How To Do Stir Pot Exercise Properly

Several rigid workouts target your core, but the stir pot exercise gives you twice as much.

Interestingly it passes as relatively easy due to its recreational feature-like workout, but the truth is that it’s pretty tough.

However, fitness experts view it as the best gift fitness science gave to man. It is the ultimate core training regimen because it incorporates all movements into one.

Core movement includes rotation, flexion and anti-extension. A majority of other core workouts target only one of the three movements, but the pot workout simultaneously uses all.

Ideally, this is how you do this mobile plank.

In a kneeling position, place your entire forearms on an exercise ball in front of you.

  • Tuck your elbows under your shoulders.
  • Keep your forearms on the ball.
  • Perform a plank position while keeping your legs straight.
  • Make sure you flex your toes and engage your core.
  • Maintain a neutral spine, strong abs, glutes, and solid hips.
  • Maintain a linear pose from the top of your head to the bottom of your knees.
  • Stir the pot.
  • Let the arms at the shoulders rotate counterclockwise.
  • Your hips, pelvis, spine, and shoulders should remain stable and not rotate. The only movement allowed is at the shoulder joint.
  • Keep your elbows off the ball to avoid compromising your balance.
  • Your head and hips should not fall (or rise).
  • Keep your glutes and abs tight and straight.
  • Begin with a short number of repetitions, such as four to eight complete clockwise spins, before continuing in the other direction.


Working the core means the stir pot exercise activates upper and lower body muscles as follows.


Your hip movement and pelvis’s stability when stirring the pot depend on your glutes. They aid in hip mobility and support the pelvis.


The abdominal muscles’ primary function in this core exercise is holding the torso in place. They work extremely hard since they are deep in the core.


They include:

  • External oblique muscles
  • Internal oblique muscles
  • Rectus abdominis
  • Transversus abdominis

Each of the four muscles have distinct roles but not limited to allowing movement and trunk support.


Your shoulder muscles control your body’s broadest range of motion involved in stir the pot exercise.

The lats, obliques and lower back muscles work to a smaller extent. They work together to support your back.


Each challenge you take from stir pot exercise sets you high up on the benefits chart as follows.


This exercise strengthens your core for balance and stability purposes. It also helps you increase the strength output for extension, flexion, and anti-rotation motions.


You lessen the risk of injury by increasing your overall strength and stability. How? By showing strength in the anterior core, spine and core.


Exercises like stirring the pot can avoid lower back pain by strengthening your core.


This exercise involves more abdominal strength than a typical plank, making it a fantastic choice for ab definition.


Try the following variations if the stir pot exercise is hard on you.


Incorporating the corkscrew into your workout routine will help you strengthen your core, hips, and lower back. The obliques work as a result of the twisting motion. Shoulder stability also improves.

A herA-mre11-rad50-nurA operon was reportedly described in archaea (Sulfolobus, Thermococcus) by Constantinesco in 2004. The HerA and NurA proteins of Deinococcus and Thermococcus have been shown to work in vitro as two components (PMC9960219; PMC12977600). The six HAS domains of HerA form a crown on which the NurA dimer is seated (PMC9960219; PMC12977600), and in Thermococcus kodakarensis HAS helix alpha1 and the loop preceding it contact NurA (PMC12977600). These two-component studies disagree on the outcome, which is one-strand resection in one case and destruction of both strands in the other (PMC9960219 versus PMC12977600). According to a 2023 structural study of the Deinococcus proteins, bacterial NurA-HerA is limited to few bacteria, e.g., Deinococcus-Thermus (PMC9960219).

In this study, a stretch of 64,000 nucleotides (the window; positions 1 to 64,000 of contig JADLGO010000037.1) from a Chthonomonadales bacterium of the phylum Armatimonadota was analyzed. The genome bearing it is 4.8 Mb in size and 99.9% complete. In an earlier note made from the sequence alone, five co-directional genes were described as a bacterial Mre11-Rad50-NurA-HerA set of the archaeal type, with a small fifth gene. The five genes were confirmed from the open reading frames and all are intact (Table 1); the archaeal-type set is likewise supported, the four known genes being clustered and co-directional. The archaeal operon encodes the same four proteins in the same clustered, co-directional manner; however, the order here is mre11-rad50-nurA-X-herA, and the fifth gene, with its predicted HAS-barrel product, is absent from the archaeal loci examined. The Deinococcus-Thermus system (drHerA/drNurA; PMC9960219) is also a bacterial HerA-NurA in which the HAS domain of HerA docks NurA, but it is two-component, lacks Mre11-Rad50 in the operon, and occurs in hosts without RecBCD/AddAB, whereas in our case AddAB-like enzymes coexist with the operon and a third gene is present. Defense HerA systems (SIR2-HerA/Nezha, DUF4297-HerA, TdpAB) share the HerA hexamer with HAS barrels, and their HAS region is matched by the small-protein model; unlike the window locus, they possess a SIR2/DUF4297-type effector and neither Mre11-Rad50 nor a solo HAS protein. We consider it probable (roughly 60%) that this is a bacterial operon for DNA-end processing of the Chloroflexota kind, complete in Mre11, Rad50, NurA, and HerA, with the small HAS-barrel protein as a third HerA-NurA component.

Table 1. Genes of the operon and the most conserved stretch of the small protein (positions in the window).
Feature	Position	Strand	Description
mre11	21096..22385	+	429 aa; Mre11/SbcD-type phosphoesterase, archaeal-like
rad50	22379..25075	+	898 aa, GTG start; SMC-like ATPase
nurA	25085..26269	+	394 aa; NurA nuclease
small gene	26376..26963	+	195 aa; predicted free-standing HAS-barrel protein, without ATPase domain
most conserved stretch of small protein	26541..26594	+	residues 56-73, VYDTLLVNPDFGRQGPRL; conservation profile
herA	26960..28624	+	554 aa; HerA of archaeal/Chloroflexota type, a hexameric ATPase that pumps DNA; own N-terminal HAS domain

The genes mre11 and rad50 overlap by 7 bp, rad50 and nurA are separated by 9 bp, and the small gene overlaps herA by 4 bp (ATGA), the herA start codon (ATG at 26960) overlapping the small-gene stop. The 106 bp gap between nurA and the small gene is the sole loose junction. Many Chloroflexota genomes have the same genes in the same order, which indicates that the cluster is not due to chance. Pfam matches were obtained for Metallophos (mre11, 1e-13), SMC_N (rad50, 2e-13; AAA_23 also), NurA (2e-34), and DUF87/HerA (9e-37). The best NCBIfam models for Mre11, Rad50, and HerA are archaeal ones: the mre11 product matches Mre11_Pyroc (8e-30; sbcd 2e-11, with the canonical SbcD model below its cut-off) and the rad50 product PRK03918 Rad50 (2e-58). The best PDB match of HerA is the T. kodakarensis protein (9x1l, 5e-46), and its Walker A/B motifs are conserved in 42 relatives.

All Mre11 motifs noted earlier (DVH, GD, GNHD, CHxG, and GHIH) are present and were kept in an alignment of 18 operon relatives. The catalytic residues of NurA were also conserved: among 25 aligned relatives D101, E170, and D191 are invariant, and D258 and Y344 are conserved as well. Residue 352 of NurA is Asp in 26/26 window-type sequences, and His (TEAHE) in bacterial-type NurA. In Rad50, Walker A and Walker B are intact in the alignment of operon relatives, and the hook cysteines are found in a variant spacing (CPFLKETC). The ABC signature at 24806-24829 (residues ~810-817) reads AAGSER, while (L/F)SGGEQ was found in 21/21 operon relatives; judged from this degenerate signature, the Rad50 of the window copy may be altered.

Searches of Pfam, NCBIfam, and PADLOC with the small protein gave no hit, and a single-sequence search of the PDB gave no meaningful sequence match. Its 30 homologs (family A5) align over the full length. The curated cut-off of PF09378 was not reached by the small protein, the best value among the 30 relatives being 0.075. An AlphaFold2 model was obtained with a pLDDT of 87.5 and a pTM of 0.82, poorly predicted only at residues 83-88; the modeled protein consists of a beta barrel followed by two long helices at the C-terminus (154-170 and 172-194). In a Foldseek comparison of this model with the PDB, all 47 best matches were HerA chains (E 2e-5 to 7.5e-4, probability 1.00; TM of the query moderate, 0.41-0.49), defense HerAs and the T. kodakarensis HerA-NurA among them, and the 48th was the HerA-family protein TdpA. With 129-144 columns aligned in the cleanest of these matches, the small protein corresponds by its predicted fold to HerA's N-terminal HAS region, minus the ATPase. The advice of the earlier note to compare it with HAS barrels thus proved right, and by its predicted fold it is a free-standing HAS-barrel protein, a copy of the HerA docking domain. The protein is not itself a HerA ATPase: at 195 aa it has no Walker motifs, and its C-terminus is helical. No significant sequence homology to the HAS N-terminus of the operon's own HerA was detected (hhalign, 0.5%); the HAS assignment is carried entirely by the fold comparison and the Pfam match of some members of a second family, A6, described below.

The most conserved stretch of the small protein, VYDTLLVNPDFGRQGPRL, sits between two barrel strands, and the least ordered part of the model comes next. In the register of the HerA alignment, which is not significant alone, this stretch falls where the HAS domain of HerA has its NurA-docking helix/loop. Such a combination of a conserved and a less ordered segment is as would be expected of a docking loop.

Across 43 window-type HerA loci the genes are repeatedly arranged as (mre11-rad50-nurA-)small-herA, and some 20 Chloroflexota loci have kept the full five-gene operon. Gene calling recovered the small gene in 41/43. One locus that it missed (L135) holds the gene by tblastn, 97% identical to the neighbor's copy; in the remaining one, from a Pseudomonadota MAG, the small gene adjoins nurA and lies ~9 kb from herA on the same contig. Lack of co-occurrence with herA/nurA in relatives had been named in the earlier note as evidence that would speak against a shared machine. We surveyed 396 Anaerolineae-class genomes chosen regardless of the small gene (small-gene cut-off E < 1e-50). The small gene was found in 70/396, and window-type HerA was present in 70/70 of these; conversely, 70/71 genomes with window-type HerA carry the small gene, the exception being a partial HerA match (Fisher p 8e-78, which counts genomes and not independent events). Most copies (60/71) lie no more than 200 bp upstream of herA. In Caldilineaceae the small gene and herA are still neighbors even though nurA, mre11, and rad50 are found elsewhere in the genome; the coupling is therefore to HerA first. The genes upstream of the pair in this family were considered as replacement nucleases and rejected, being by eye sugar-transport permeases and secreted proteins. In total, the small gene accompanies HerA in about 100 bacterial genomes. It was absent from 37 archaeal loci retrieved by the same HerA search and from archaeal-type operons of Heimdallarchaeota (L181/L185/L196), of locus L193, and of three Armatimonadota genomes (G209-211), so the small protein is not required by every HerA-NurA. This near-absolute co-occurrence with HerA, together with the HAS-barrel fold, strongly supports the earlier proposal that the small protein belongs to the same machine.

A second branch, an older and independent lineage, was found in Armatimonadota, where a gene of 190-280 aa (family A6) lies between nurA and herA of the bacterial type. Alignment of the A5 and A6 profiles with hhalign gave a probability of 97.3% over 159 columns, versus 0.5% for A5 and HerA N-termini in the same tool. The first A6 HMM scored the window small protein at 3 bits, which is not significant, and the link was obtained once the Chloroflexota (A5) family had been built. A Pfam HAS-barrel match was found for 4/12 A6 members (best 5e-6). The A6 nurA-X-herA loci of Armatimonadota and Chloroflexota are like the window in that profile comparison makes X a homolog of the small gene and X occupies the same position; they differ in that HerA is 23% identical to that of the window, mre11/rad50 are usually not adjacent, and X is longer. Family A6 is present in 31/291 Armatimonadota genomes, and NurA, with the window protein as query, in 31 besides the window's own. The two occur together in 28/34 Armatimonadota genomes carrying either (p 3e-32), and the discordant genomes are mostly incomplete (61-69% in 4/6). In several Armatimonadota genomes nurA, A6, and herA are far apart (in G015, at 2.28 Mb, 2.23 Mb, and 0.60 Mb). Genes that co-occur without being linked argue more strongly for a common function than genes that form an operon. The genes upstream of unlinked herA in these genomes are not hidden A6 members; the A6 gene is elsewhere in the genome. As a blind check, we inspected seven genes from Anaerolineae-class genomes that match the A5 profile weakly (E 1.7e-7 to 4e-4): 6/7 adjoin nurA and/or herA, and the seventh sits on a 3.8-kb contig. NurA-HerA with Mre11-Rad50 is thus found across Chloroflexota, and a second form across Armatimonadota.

How to do it:

  • Position your arms palm-down at the sides of your body while lying on your back.
  • Stand straight, perpendicular to the ground, with your legs stretched out.
  • Put one foot in front of the other.
  • Moving in a circular motion with your legs, tighten your core.
  • As you complete the circle, drive your arms into the floor and raise your hips so that your legs are as high as possible over your head.
  • Bend your knees and flex your hips.
  • Return to the starting position.


One of the most popular and challenging exercises in core training is the plank walkouts. It develops the core power through anti-extension.

How to do it:

  • As you face the back of your mat, extend your arms out to the sides and upwards.
  • Inhale and exhale slowly as you rise to your feet.
  • Your hands should be on the mat while bending your knees, keeping your back straight.
  • Elongate the back of the legs.
  • To loosen up tense hamstrings, try bending your knees a little bit.
  • Hold each step as you walk your hands forward on a plank to stretch your calves slightly.
  • Hold the plank position for a few seconds to activate your core muscles.
  • When you’re in a plank position, walk your hands back to your feet until you’re in a forward bend.
  • Your neck should remain relaxed as you roll up to a standing position.
  • Do a total of 10 reps
  • Maintain an upright pose before you begin another walkout pose.


It is the best workout for beginners who are performing planks for the first time. Try it before you do the stir pot exercise.

How to do it:

  • Rest your hands on your stomach while lying down.
  • Ensure that your elbows are directly under your shoulders.
  • Elevate your torso off the floor while keeping your knees, toes, and elbows all on the floor.
  • Keep your core firm and maintain a straight gaze.
  • Keep your neck neutral and avoid tucking in the pelvis.
  • Hold the position for 30 seconds.


Several mistakes while performing the stir pot exercise automatically lead to bad form and increased risk of injury.

Take note of the errors while you work out.

Dropped hips, extensively arched backs and numerous elbow digs are for advanced gym-goers. So take time to learn each of them to avoid making a mistake.

Fast speeds are likely to interfere with your form. Thus, do it at moderate speed.


While it is no secret that stir pot exercise is not an easy workout, you could always give it a try. Take time and master the technique because that’s the imprint of the core exercise.


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